This opening chapter will plot the beginnings of published knowledge regarding neurotrauma. It will review what has been learned in the last two centuries, especially about early descriptions of the clinical effects of nerve injuries resulting from the American Civil and World Wars. It will summarize the main findings that underlie understanding of the effects of neurotrauma and recognize the roles that outstanding neuroscientists and clinicians have contributed along the way. It will focus especially on the foundations of microsurgery that led to modern techniques for treating trigeminal nerve injuries, noting the progress that has been made in the last few decades toward finding more useful diagnostic methods and implementing more effective surgical and nonsurgical treatment modalities.
Finally, because a prime purpose of historical knowledge is the impact that it may have on directing the future, this chapter will end with a section on “Unfinished Business” that will highlight the current challenges and offer a “wish list” that could lead to a deeper understanding of nerve injury effects, more accurate clinical diagnoses, more appropriate treatment regimens, and enhanced professional education that will facilitate healthcare access and delivery for patients who sustain nerve injures.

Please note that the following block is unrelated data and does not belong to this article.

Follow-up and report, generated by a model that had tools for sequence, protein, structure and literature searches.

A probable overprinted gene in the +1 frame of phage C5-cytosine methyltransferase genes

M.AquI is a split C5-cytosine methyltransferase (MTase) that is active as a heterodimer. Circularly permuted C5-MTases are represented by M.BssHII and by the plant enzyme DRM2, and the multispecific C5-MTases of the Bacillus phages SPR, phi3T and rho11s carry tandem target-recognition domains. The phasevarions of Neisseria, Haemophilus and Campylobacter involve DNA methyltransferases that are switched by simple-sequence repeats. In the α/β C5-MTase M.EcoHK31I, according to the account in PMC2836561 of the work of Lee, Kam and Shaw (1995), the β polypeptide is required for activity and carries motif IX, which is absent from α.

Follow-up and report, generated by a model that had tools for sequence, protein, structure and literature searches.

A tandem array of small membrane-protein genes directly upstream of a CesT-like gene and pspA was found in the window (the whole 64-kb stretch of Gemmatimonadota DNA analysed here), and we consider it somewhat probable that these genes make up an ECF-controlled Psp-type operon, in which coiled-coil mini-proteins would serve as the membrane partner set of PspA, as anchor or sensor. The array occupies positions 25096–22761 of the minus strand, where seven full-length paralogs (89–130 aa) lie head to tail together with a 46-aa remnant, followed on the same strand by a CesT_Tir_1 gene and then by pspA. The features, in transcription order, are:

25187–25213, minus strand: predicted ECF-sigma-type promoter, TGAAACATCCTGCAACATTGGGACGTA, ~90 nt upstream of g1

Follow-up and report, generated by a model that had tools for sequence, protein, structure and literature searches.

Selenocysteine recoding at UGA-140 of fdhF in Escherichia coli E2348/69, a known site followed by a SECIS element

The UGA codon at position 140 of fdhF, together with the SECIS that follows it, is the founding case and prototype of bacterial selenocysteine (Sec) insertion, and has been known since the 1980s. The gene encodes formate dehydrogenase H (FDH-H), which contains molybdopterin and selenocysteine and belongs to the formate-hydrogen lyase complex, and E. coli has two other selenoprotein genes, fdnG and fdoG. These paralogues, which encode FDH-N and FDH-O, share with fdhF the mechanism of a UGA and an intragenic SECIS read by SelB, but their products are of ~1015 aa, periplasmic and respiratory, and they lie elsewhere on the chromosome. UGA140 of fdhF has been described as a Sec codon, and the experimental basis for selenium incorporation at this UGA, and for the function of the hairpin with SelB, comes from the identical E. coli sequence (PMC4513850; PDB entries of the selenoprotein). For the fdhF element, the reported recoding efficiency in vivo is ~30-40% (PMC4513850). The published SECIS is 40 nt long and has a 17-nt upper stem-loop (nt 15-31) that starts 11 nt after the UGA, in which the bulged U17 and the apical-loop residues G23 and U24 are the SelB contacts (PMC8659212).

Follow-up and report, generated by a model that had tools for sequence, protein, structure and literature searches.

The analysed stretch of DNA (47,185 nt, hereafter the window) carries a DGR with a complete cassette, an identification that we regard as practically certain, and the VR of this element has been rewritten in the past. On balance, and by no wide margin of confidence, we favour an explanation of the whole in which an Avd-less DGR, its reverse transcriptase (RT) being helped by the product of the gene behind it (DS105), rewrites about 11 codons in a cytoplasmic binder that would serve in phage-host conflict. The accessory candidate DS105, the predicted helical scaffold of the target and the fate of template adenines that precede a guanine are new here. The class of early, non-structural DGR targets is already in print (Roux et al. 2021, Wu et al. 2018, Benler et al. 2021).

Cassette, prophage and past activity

1.1 The Beginnings of Knowledge

Ancient understandings of peripheral nerve injury effects were hampered for many centuries by devotion to the philosophies of Aristotle and Hippocrates (460–370 B.C.) that placed functions of the “five senses” and “soul” in the heart, rather than the nervous system [1]. Galen (A.D. 131–200) however doubted the Aristotelian views. Galen’s experiments included the sectioning of the recurrent laryngeal nerves of newborn pigs and supported his conclusions that the peripheral nerves and the brain are the mediators of sensa­tion [82]. In support of Galen’s theories, Rene Descartes speculated in the year 1664 that sensations were mediated through “fast moving particles of fire…(that) pass(es) through the nerve filament until it reaches the brain” [25]. He also observed that “suffering may follow amputation.”
Considering the early confusion regarding the functional role of peripheral nerves, there are remarkable early reports of injured nerve treatments. In the thirteenth century, William of Salicito (Bologna) reportedly rejoined the ulnar nerve of an Italian soldier, and a detailed description of suture repair was made by Gabriele Ferrara in 1608 [6, 38]. In 1847, Sir James Paget sutured the median nerve of an 11-year-old boy, reportedly achieving “complete recovery” [144]. In an experimental milestone, Augustus Waller [137] created glossopharyngeal (IX) and vagus (X) nerve injuries in frogs and described gross degeneration distal to the site of injury, regeneration of axons in proximal segments, and greater preservation of nerves in younger compared to older frogs [137].
Better understanding of the anatomic effects of nerve injuries, however, depended upon the development and use of the light microscope by Anton van Leeuwenhoek (1632–1677). Additionally, Ramon y Cajal from Spain, the father of neuroanatomy and winner of the 1906 Nobel Prize shared with Camillo Golgi, used silver staining to demonstrate nerve microstructure, degeneration of fibers distal to nerve injury sites, and Schwann cell guidance of regeneration cones [118]. Cajal’s work also predicted the presence of “synapses,” a term coined by Sherrington (1857–1952) to designate the connections between nerves [130].